Conducting virtual panel meetings

You are here

Conducting fostering panels is essential but with the lockdown firmly in place, it can be challenging. Many services are now looking to virtual fostering panels as a way forward. Helen, a panel chair for Rochdale Borough Council, conducted her first virtual fostering panel recently and here tells us how it went.

On average it was about two thirds as long as a normal panel. We used Skype for business and it worked fine, although one or two people had problems with sound initially, so headphones are important.

It felt slightly unsatisfactory not to be able to see foster carers and applicants but all the fostering social workers and children’s social workers who attended were able to join in via audio. We are working on the video link for next time and on alternative ways of including everyone in the video conference.

Try to ensure the room where the panel is taking place doesn’t echo too much. We had hard surfaces everywhere and it would have been even more difficult if we hadn’t had a spider mic. We had someone from our IT department on hand to do the initial set up and we made sure he had signed a confidentiality agreement.     

We did have a couple of dummy runs, prior to the actual panel, which taught us a lot about using the technology. We had a slight problem that we hadn’t expected - the virtual private network (VPN) kicked us out after a specified length of time, so make sure the mobile numbers of all panel members and social workers are easily at hand. We had to phone a couple of people when connectivity was being sorted out.

The pro forma worked fine but we are now working on timescales – when papers are sent out, when panel questions are submitted, how long stakeholders have to respond to the questions, etc. 

The recommendation making process was pretty robust and conducted as normal with every panel member giving their views with reasons. 

Other tips on virtual panel meetings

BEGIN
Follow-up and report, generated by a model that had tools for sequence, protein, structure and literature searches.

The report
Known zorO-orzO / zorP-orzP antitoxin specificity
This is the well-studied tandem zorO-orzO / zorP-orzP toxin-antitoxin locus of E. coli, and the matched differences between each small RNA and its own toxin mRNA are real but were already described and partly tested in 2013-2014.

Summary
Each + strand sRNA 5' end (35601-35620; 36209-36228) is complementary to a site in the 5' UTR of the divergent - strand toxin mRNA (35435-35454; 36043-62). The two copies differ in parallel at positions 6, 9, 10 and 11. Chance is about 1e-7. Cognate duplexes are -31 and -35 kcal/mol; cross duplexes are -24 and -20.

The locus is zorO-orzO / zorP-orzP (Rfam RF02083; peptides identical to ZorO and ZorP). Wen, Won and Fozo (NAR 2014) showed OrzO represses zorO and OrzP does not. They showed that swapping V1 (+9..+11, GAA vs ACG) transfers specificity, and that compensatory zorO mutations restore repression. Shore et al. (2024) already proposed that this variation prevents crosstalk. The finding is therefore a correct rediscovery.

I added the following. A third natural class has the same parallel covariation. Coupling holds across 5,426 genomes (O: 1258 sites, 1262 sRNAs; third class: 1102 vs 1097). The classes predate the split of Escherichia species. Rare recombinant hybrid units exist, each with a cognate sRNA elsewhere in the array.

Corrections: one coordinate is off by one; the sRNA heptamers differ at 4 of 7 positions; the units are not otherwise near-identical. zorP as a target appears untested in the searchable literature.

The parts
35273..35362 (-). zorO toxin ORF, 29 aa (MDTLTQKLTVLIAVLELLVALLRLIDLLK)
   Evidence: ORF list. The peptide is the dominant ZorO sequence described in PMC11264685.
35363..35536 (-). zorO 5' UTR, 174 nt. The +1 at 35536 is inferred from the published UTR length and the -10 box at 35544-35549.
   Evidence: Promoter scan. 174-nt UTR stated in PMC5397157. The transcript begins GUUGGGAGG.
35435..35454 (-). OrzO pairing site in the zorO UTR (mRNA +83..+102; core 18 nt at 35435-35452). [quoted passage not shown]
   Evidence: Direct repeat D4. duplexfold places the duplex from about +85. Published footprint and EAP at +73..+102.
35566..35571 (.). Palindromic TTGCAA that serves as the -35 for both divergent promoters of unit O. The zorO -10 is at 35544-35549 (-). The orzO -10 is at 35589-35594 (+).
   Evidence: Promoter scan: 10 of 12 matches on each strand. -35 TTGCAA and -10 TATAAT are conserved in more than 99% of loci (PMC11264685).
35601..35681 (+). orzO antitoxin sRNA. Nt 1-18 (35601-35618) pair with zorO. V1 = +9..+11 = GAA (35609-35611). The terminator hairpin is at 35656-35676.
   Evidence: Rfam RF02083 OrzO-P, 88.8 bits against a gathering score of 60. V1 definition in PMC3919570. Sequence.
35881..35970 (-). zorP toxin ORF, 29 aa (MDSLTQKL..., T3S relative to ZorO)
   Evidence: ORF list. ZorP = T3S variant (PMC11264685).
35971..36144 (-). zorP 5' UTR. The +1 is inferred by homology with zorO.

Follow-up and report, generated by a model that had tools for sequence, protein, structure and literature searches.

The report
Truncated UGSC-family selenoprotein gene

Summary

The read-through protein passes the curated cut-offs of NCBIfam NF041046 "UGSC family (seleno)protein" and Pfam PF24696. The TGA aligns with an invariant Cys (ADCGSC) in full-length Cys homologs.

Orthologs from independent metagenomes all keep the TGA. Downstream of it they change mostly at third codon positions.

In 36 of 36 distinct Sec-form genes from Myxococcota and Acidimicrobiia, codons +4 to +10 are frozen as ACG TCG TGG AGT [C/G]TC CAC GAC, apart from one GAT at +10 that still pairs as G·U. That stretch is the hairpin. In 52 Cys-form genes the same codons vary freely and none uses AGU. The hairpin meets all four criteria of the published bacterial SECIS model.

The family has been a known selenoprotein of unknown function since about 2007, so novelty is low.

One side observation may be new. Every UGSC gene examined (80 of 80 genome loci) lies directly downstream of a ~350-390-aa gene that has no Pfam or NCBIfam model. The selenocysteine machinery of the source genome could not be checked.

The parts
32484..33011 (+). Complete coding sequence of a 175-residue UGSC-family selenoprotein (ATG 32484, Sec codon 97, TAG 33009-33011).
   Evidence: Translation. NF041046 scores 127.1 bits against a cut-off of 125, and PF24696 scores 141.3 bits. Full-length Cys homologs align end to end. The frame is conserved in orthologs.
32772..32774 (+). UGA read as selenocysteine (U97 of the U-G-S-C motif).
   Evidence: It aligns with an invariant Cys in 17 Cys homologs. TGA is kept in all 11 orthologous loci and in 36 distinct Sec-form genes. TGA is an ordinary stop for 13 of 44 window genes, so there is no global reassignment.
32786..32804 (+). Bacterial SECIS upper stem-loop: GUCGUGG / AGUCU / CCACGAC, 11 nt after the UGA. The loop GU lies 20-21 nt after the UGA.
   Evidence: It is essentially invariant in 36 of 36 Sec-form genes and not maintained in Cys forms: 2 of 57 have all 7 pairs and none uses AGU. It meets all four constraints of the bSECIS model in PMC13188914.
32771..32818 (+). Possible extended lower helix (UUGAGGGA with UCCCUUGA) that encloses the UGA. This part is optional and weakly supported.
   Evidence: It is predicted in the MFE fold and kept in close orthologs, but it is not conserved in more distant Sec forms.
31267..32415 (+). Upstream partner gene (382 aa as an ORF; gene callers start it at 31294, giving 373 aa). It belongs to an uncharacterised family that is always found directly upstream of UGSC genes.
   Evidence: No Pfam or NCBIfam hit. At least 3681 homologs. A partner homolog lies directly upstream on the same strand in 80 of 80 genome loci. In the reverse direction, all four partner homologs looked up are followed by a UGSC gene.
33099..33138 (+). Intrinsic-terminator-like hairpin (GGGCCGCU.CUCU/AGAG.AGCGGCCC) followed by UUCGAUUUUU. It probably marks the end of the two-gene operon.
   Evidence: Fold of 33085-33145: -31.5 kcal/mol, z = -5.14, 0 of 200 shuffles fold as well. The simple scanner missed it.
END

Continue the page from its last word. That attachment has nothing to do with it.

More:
We reached out to another panel chair who has been running virtual panels for a little while. Her top tips are:

1. Ensure a little extra time for each case and keep a sense of humour and perspective. You will find that the internet crashes etc. but it will come back. Don’t worry if you lose everyone, you'll find them again!

2. Make sure that you know who is on the line; otherwise the carers might still be there when discussing them! Make sure panel members are not chatting while waiting for carers to join the call and don’t forget to introduce everyone to whoever joins you on the call.

3. Chair tightly. I ask all the questions after the panel’s discussion. Get panel members to have their questions sorted beforehand although recognise discussion can change things.

4. I tell the panel they can’t speak unless I invite them to as these are difficult to manage. I then go round each one to ensure they’ve had a voice. It works remarkably well!

5. Be aware of what your computer screen is showing the world! Your washing on view isn’t good!

6. Try and make sure that your panel members are computer savvy. We have built up a core group of people who are confident in doing this. If people get sick we can bring in others.

7. Remember it is MUCH harder chairing this way so be mindful of that and be kind to yourself. It's a challenge for all but we will all get used to it.

Visit our website to find out more information about the principles and some things to consider if you are considering setting up a virtual panel.